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Former British prime minister Gordon Brown has joined calls for a special international tribunal to prosecute the Russian leadership for crimes of aggression against Ukraine.
The proposal, which names President Vladimir Putin in particular, was suggested by a lawyer last week, picked up by Mr Brown and is now receiving broad support among European countries.
As its promoters envisage, the court would be similar to the Nuremberg tribunal set up to prosecute leading Nazis for a broad range of crimes committed during the Second World War.
A special tribunal is required to bridge the gap in international law that would otherwise allow Mr Putin and his close associates to avoid prosecution, said Mr Brown, who served as Britain’s prime minister from 2007 to 2010.
“This act of aggression by Russia — deplored in the strongest terms this week by the UN General Assembly — cannot go uninvestigated, unprosecuted and unpunished,” he told a Chatham House think tank debate on the proposal.
“But there is a serious gap in international law since Russia is not a party to the statute of the International Criminal Court, then this crime of aggression cannot, as things stand, be investigated by the prosecutor.”
He called on the international community to create the special tribunal to investigate the specific crime of aggression for which Mr Putin and his circle “may be found to be individually liable” for “having waged a war that has no conceivable justification, as it is not in self-defence and is contrary to the Charter of the United Nations”, said Mr Brown.
The court could be rapidly formed with support from European countries giving it the power to investigate the principal perpetrators for the crime of aggression.
The think tank discussion also included Ukraine’s foreign minister, Dmytro Kuleba, who joined via mobile phone while sitting in the back of a car in an urban area thought to be Kyiv.
“All those who made this war possible will be brought to justice and the Russian Federation as a country that committed an act of aggression will also be held accountable for its deeds,” he said.
He then made an as yet unsubstantiated allegation that a war crimes tribunal was needed as Russian troops had raped Ukrainian women in the course of the occupation.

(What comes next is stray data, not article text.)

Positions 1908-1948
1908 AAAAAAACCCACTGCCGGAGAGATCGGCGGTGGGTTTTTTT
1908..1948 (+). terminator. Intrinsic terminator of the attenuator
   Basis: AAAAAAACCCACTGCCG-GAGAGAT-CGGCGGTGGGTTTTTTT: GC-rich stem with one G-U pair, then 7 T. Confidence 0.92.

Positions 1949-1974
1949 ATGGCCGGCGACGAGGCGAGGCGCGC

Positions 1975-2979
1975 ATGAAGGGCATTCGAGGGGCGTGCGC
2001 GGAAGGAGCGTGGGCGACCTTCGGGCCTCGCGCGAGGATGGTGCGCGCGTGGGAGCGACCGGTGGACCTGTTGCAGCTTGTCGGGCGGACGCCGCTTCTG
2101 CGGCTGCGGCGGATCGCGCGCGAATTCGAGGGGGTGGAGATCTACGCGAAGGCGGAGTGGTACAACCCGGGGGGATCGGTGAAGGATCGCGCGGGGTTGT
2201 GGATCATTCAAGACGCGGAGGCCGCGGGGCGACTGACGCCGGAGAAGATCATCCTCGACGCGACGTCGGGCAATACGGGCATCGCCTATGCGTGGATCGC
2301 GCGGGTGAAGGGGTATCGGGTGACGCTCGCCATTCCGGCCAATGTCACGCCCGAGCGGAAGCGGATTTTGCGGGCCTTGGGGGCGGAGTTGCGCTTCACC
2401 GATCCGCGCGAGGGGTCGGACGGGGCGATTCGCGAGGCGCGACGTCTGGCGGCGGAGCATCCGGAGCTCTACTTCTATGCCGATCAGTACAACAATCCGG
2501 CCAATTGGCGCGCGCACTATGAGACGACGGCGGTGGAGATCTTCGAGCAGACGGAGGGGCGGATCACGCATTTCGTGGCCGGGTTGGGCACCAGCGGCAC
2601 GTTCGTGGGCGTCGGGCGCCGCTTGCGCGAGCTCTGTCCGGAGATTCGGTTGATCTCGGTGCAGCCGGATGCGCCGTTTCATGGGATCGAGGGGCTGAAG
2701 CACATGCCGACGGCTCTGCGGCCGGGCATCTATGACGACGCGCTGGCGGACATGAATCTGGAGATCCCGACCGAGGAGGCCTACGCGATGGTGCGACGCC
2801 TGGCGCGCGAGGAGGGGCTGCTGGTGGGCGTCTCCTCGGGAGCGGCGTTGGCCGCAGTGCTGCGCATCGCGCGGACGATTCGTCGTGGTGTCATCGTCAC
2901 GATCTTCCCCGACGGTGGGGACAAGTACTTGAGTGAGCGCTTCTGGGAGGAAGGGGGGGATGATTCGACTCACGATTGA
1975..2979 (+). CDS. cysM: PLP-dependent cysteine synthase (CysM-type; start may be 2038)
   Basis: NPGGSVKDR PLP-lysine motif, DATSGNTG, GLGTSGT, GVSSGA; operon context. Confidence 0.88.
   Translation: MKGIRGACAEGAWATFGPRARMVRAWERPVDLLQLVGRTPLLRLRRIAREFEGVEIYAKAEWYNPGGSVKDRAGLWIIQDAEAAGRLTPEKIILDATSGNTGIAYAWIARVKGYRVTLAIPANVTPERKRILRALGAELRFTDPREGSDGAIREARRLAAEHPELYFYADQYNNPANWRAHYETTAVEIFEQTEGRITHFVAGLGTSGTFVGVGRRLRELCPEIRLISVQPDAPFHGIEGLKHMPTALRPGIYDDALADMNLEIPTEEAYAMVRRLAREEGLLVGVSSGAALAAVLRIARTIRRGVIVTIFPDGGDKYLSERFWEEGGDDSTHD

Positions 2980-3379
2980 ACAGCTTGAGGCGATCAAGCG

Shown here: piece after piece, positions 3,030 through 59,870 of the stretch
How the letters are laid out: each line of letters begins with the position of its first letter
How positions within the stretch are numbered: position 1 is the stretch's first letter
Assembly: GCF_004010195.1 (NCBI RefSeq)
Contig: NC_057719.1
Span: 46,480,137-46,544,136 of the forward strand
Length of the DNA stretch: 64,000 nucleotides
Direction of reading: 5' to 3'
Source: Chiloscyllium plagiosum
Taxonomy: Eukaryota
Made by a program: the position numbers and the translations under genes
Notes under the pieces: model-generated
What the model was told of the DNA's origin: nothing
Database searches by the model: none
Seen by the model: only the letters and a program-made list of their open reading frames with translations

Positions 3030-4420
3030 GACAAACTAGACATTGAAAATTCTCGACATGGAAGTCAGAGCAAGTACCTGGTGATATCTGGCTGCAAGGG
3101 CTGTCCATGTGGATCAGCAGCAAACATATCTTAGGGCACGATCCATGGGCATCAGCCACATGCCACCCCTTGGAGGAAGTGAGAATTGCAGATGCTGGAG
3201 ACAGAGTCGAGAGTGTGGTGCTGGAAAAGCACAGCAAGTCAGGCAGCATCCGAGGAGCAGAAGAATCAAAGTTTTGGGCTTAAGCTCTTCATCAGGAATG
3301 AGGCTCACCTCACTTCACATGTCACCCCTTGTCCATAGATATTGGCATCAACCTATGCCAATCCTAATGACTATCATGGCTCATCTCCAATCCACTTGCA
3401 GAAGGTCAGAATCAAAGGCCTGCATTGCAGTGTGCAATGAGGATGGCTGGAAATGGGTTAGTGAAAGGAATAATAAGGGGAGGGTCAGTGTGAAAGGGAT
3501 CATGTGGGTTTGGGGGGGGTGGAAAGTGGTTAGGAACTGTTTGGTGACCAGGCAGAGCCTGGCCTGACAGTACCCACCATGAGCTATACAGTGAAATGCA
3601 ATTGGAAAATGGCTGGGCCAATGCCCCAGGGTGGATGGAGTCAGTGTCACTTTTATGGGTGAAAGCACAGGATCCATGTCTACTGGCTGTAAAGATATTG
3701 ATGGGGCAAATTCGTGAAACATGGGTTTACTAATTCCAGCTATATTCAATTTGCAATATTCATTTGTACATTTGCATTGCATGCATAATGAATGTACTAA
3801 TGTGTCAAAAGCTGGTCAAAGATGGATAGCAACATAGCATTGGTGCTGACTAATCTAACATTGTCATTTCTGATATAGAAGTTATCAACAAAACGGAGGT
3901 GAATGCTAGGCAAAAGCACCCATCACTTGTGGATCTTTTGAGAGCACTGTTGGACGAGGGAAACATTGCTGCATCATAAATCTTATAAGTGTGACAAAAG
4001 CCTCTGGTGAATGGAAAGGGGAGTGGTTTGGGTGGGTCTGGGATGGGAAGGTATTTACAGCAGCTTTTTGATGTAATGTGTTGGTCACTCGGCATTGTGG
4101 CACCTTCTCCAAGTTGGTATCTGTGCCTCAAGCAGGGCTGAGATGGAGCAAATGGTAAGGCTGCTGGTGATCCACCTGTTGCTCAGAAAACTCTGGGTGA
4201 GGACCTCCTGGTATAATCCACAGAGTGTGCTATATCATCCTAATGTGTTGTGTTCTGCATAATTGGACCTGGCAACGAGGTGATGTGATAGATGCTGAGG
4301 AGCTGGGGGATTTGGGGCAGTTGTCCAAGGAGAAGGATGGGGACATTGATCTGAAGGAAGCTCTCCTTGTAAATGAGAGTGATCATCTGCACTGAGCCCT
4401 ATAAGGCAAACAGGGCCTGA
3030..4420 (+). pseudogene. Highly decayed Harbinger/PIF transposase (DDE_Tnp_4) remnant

“When bombs fall on your cities, when soldiers rape women in the occupied cities — and we have numerous cases of, unfortunately, when Russian soldiers rape women in the Ukrainian cities,” said Mr Kuleba.
“This is the only tool of civilisation that is available to us to make sure that all those who made this war possible will be brought to justice.”
The barrister Philippe Sands, QC, who came up with the suggestion, stated that the crime of aggression was the only offence which allowed “those responsible for the totality of the terrible events we are now witnessing to be held to account”.
The special tribunal would be complimentary to the ICC’s work, added the professor of law at University College London.
He referred to the 1942 meeting in London, when European governments in exile agreed to prosecute German war criminals, though the idea was initially considered to be a “pie in the sky”.
The agreement led, however, to the Nuremberg trials, during which 22 Nazis were charged with crimes against peace, with 12 found guilty and sentenced to death.
Mr Sands added that Nuremberg also formed the basis for senior aides to Adolf Hitler cutting deals to avoid prosecution.
“Those in the [Putin] inner circle might at some point say to themselves, do I really want to be associated with this? Am I willing to break ranks and I willing to assist in these investigations?”